I was out taking the dog (Murphy) for his morning walk and in the park we could see the signs of spring. It was lovely… the white and pink blossom in the trees and occasionally floating swirling down in the wind with vivid blue skies above. It made me thankful to be alive and I couldn’t help but think of a song lyric “cherry blossom in the market square”. (I’m sure Andy L will be commenting and quoting as I know it’s from one of his favourite bands !!).
I had already begun reflecting on some of the earlier posts which have been written during March and had noticed there seemed to be a tenuous link.
Geoff had written a post back on the 19th March and had called it Singing in the rain which is also the name of the 1952 classic song sung by Gene Kelly.
This was followed on the 23rd of March by his post titled from a Joni Mitchell lyric You don't know what you've got til its gone
Followed by Rachel’s post on the 27th March titled STOP who had inadvertently named it after one of her favourite songs from Sam Brown.
Paul wrote his post on the 29th March and called it Shifting Sands which reminded me of song by Deacon Blue also called Shifting sands !!
This caused me to reflect on just how important music can be and how much there is, in such a plethora of genres. I have long felt and known that music is a great influencer both for good or bad. It has an uncanny way to be able to evoke emotions and lead your feelings. I was reminded of a phrase “music feeds your soul”.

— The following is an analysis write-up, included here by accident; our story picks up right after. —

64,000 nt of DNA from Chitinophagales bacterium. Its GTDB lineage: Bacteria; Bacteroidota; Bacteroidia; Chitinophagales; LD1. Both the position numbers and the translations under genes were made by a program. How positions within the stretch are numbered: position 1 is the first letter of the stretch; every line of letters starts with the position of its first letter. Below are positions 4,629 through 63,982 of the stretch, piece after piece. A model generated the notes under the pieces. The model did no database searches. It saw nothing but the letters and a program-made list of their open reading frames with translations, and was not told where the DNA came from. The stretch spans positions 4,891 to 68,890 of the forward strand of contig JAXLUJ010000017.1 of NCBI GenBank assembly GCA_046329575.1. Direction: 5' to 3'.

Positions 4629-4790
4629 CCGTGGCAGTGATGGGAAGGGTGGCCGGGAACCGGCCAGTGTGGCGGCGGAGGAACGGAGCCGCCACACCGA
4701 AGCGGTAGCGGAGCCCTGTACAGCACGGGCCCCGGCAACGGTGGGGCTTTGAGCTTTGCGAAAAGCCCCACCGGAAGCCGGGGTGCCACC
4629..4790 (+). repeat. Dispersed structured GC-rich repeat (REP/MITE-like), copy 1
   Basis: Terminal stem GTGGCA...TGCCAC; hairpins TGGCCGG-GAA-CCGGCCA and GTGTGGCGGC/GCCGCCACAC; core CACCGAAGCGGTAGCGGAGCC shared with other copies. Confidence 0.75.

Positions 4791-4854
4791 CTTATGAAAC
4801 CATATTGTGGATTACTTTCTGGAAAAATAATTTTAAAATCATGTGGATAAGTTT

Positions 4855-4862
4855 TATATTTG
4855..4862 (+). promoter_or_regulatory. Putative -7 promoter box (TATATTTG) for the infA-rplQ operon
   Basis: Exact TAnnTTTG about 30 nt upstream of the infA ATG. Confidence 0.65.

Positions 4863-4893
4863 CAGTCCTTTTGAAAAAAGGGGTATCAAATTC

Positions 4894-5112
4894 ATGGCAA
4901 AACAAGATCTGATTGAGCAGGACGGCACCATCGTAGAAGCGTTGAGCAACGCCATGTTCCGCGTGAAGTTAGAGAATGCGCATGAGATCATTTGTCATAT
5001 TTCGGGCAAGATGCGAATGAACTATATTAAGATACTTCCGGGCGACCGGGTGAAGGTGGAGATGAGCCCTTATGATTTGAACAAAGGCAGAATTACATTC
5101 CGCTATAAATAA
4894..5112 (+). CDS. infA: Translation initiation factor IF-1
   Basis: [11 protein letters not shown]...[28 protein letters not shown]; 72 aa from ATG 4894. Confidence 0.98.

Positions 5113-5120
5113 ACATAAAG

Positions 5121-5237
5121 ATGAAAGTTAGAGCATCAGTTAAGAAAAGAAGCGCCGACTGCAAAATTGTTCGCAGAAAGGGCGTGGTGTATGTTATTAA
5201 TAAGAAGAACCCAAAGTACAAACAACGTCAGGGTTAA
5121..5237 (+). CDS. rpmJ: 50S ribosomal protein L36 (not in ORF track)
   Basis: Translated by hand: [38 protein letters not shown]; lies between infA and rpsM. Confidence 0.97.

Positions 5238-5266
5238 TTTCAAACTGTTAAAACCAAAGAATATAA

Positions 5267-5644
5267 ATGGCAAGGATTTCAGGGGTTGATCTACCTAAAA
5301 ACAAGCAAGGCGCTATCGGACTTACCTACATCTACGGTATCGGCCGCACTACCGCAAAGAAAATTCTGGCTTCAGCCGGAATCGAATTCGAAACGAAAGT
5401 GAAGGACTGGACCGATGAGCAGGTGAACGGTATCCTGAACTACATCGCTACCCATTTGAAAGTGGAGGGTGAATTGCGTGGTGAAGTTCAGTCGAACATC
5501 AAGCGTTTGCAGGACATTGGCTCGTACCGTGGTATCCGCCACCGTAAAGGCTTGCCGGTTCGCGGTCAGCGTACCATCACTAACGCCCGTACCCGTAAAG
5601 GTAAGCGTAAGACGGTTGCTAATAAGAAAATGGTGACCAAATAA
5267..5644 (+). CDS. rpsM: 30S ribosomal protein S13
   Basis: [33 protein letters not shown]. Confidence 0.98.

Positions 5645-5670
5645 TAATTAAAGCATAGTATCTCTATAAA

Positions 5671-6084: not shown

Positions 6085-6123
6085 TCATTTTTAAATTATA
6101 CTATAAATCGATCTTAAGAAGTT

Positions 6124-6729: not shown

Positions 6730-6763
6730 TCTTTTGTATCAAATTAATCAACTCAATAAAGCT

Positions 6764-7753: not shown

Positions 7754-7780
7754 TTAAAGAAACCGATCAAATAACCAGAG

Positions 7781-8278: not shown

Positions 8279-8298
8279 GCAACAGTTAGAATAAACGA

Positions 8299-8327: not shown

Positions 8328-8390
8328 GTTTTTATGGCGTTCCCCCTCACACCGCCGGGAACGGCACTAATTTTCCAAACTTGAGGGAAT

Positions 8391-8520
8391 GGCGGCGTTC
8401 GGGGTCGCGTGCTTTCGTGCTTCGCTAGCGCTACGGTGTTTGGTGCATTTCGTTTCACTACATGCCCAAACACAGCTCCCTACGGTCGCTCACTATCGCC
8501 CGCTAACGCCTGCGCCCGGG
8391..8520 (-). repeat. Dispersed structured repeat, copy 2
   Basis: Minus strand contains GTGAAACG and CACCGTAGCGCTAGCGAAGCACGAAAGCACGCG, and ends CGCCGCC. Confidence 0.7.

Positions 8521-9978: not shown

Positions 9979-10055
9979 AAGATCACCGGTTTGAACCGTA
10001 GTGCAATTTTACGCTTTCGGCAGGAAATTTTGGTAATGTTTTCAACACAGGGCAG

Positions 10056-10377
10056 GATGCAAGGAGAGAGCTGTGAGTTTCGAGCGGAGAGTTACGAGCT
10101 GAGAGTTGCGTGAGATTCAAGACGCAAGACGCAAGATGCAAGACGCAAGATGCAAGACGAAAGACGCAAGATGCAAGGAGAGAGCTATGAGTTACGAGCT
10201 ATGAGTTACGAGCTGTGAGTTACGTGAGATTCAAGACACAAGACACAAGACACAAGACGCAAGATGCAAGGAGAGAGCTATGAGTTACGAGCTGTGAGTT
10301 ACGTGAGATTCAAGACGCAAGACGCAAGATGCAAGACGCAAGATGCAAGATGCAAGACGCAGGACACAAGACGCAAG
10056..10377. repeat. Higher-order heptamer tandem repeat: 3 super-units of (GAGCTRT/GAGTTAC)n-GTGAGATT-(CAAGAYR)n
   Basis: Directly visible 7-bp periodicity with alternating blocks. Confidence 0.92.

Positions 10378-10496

Food is so important for our bodies it is what helps us grow, keeps us fit and strong we know what a healthy diet looks like and the importance of it. We have heard it said, “we are what we eat”. Yet what we feed our souls is equally if not more important.
Are we as aware of what we feed our souls?
The above is what I began in mid-April then….
On Sunday (26th April) Geoff in his sermon continued his series on the Psalms of Ascent and talked about the soundtrack of our lives and even how this group of Psalms had been sung on the way to Jerusalem was like a spotify play list for a road trip for a road trip of Faith.
He then challenged us in his blog on the 27th April Surrounded by the arms of the Father to comment or suggest songs which we have found encouraging.
Really I’m not sure if my blog is not just a repeat of this but sometimes we do need to be told several times before we hear!!
So in this time of lockdown with lots of fear around are we careful in what we feed our souls? Do we remember God is faithful so we do not need to be fearful?
I was reminded of Psalm 23 verse 3 “He restores my soul and leads me in the paths of righteousness for his name’s sake” in the NIV version it uses the word “refreshes”.
What is our soul?
Soul can be defined as the spirit and essence of a person.
Restore means bring back or re-establish, to return to a former condition, place, or position.
Refreshes means to renew the vigour or energy of (oneself or another).
Let us feed our soul and be mindful what we feed it. Look at the soundtrack of your life. Does it build it up or pull it down?
The great thing I noticed in the comments to Geoff’s blog was not the number of different and a variety of style of songs but they were all worship and praise songs which help focus us on our God who is the one who will build us up.
Ultimately, God is the one… the almighty, all powerful and all loving one who wants to be invited to be the centre of our lives and it is he who is able to restore our souls.
Music is a powerful tool but not the only one which can be used to refresh our souls. What other ways does God use to help refresh and restore our souls? Please encourage others with comments.
Thanks to all who are helping, co-ordinating, donating to our LOVE THY NEIGHBOUR campaign. We so appreciate it!